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Article written by Joan De Suza
Published on 03/05/2022 07:45 Updated 31 minutes ago Reading time: 5 min.
The Supreme Court has reportedly voted to strike down Roe v. Wade, the landmark case that protects the right to abortion, per a leaked draft majority opinion obtained by Politico. To be clear: Abortion is currently still legal in the United States, and the Court’s decision won’t be final until it's published.
But if Roe does fall, half the states in the nation are poised to ban abortion, leaving millions without access to care. Abortion funds, which directly support people seeking procedures, have already been bracing for that dark future—and they need help now more than ever. Link in bio to learn more and, most importantly, donate.
According to a document revealed by the Politico news website, the highest American magistrates plan to leave each state free to prohibit or authorize abortion.
This is a taste of one of the most anticipated decisions of the year in the United States. On the basis of an extremely rare leak to the highest level of American justice, the political news website revealed on Monday, May 2, that the Supreme Court was considering overturning the historic judgment legalizing voluntary termination of pregnancy (abortion) across the Atlantic. The Supreme Court confirmed on Tuesday in a statement that the document was "authentic" but not "final". Its leader, Judge John Roberts, also "ordered an investigation" into the origin of this leak.
For nearly fifty years, the right to abortion, supported by a majority of the American population, has been guaranteed throughout the country by the 1973 judgment. If it returned to its own case law, the High Court would leave the field open to States that would like to ban abortion. Franceinfo explains this file to you.
What is the current framework in the United States?
Since 1973, abortion has been authorized under the right to privacy, guaranteed by the U.S. Constitution. Thus ruled by the Supreme Court in its historic decision "King versus Wade", pronounced after a woman attacked the constitutionality of Texas legislation, which then made abortion a crime. However, this right is "not absolute", according to the Court's judgment, and the use of abortion may be limited in particular in the name of "the protection of health, medical criteria and prenatal life".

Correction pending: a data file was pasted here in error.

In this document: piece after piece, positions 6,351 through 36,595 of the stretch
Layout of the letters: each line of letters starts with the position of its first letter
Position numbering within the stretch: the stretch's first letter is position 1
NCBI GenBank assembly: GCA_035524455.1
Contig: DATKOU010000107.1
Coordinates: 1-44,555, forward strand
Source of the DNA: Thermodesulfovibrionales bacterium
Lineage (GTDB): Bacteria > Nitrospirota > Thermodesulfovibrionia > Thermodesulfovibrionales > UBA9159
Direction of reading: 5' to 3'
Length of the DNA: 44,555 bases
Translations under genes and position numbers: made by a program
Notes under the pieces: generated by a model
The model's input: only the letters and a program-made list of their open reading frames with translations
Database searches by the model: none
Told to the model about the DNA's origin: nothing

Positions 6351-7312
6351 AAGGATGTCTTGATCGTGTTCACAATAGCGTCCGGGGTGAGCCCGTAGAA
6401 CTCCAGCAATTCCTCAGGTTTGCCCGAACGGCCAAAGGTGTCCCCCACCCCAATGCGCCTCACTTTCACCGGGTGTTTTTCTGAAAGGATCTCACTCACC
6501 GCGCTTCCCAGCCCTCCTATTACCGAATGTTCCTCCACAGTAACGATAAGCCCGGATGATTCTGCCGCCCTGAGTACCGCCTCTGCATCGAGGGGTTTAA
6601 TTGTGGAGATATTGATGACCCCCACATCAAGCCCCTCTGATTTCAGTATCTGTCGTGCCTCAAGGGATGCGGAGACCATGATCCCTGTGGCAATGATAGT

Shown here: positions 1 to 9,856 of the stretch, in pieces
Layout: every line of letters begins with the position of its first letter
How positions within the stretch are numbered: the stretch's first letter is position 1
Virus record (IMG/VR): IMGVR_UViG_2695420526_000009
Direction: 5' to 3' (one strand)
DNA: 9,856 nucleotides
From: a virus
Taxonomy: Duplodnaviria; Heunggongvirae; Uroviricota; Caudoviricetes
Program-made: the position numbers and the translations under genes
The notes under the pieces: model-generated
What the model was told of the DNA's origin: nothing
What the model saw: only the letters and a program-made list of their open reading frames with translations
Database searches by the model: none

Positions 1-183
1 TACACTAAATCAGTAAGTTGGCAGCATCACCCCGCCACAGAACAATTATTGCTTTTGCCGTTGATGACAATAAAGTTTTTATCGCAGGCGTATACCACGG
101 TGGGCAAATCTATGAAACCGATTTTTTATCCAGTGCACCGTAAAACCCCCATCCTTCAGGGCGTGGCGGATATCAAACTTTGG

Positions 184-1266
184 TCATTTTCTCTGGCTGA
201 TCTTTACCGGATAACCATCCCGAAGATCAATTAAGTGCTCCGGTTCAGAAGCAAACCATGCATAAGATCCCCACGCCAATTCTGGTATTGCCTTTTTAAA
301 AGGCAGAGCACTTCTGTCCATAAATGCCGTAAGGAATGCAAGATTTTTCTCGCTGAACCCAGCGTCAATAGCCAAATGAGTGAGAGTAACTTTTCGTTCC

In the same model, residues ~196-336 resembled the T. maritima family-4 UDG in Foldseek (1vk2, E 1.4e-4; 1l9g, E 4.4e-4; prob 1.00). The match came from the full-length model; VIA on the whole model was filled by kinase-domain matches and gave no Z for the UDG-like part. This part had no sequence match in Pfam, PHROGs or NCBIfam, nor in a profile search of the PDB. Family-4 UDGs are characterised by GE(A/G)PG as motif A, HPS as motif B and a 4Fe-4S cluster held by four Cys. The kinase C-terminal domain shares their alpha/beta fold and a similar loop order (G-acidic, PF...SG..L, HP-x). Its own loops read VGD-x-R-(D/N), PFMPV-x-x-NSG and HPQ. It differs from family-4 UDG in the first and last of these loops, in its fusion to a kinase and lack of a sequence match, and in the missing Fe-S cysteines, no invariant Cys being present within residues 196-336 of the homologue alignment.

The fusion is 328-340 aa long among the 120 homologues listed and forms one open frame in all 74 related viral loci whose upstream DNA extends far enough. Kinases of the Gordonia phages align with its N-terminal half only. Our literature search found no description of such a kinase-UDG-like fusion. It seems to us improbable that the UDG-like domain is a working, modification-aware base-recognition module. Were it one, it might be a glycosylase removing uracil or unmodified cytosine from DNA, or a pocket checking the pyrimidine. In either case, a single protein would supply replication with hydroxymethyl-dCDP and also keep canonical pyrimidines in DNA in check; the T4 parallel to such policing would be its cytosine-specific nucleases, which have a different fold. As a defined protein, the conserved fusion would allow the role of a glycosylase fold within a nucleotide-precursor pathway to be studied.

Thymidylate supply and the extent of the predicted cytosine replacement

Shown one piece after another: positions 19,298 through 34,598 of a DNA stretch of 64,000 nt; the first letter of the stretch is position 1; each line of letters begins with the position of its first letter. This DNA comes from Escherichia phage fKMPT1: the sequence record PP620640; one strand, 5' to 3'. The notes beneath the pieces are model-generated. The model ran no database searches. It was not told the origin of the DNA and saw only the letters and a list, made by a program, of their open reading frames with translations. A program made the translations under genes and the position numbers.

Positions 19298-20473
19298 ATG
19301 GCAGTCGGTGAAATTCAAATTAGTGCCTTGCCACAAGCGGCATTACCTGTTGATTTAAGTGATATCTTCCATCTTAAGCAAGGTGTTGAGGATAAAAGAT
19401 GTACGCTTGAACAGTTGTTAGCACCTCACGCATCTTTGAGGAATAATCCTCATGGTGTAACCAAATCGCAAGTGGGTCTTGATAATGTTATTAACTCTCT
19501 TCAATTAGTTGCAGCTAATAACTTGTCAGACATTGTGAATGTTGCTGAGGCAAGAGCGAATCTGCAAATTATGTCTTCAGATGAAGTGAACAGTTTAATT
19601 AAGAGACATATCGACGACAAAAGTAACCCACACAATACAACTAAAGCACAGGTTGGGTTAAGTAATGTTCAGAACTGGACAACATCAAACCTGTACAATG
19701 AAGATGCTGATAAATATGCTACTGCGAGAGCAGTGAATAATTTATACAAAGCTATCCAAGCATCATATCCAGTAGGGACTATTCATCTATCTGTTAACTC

"Abortion is allowed up to the viability threshold, that is, the stage at which a fetus can survive outside the uterus," American historian Mary Ziegler told franceinfo in February. Abortion is therefore legal until about 24 weeks of pregnancy, throughout the United States." Beyond that, each federated state can add restrictions to the right to abortion. Conversely, progressive states have translated this judgment into law, to give it more strength and provide additional guarantees.
What is the Supreme Court considering?
Supreme Court judges chose to address the issue of abortion again in December, thanks to a Mississippi law that prohibits termination of pregnancy after 15 weeks. Faced with yet another attempt by a state to restrict the right to abortion, the theory would like magistrates to recall jurisprudence. "By making abortion a fundamental right, Roe versus Wade has made it possible to prosecute States that pass this type of law and invalidate these texts," recalls Mary Ziegler. But since Donald Trump's visit to the White House, the Supreme Court has been dominated by six out of nine Conservative judges. A turning point seems to have begun.
The Politico news website claims to have obtained, thanks to an unprecedented leak, the preliminary draft of the decision. The 98-page document is attributed to one of the Conservative magistrates, Samuel Alito. The text made public by the American media calls for the outright "annulment" of the 1973 judgment, which was "totally unfounded from the beginning".